Until the World War in 1914, the automobile remained almost exclusively a sporty means of transport for wealthy people. However, the war proved the practicality of the automobile even under very difficult conditions. About 1920 American big industry under the leadership of Henry Ford began to make the automobile a means of transport for the people, so that instead of thousands, millions became motorists. The surprisingly rapid growth of motorism placed very high demands on the road network. It soon became apparent that widening the existing roads could not yet be made sufficiently suitable for motor vehicles. New roads were built, in some countries only accessible to automobiles (in Germany the Avus road near Berlin and the Cologne-Bonn automobile road,
The length of the road network in the Netherlands in 1932 was about 25,000 km, that of the entire world road network about 13,000,000 km. The number of automobiles in the Netherlands in 1932 amounted to approximately 118,000, of which 72,000 are passenger cars. In that year there were about 85,000 cars in the Netherlands Indies, about 35.6 million cars in the whole world. America has the largest number a. In the United States this number is 26.5 million, which means 1 car per 4.6 inhabitants. In 1932 this was 1 in 64 for the Netherlands, 1 in 584 for the Dutch East Indies. Motorism did not develop merely as a means of tourism.
Freight transport by car is becoming increasingly important and poses a serious threat to the railways. The bus company even extends to international bus lines. It appears that motorism is still only in the early stages of its development. With regard to the rules of the road and the liability of the motorist in domestic and international traffic, see Motor and Bicycle Act.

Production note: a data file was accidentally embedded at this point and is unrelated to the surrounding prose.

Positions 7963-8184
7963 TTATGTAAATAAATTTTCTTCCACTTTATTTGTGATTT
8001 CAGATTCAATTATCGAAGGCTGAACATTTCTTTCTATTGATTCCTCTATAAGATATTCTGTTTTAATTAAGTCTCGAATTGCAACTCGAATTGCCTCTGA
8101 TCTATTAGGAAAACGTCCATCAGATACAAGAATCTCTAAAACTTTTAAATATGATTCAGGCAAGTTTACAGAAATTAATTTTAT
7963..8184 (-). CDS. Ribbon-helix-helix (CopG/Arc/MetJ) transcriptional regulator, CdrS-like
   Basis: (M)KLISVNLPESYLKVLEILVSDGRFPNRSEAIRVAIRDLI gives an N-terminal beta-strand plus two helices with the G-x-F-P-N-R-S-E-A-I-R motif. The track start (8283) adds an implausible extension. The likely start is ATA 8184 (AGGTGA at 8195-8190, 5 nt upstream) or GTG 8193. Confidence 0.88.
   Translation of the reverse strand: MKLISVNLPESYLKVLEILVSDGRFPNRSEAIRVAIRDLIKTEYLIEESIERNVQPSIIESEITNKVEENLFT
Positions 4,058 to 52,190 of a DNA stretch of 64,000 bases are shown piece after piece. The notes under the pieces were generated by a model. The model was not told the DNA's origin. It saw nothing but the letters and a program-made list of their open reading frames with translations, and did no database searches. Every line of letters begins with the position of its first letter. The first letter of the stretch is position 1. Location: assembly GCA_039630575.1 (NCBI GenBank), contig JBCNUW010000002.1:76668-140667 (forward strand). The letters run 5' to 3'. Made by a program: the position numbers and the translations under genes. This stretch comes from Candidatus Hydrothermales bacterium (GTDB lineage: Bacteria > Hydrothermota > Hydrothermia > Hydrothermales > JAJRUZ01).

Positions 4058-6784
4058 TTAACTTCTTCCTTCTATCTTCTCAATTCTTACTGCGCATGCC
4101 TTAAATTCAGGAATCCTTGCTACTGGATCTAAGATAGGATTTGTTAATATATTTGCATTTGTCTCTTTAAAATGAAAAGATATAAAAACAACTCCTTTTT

For Belgium, see Transport and Traffic. nortier. Layout and operation. The now generally known type is the result of innumerable improvements, through which the a. first slowly ascended to the present technical perfection. Basically, all cars correspond to the following description: the car consists of two parts: the chassis and the body.
The chassis consists of the steel frame in which the engine is mounted, with the associated parts, the drive mechanism of the wheels, the springs, axles, steering system, etc. The body, attached to the chassis, makes the car suitable for passenger or freight transport. The chassis consists of two long, steel U-beams, the longitudinal girders, interconnected by several cross-members, parallel or crosswise, which make the chassis into a rigid whole. Usually the two long chassis beams at the front and rear ends above the axles are bent upwards, in order to keep the center of gravity of the whole as low as possible, which is conducive to a quiet position of the car on the road and also improves the appearance. . At the front of the chassis, the engine is suspended vibration-free at three or four points,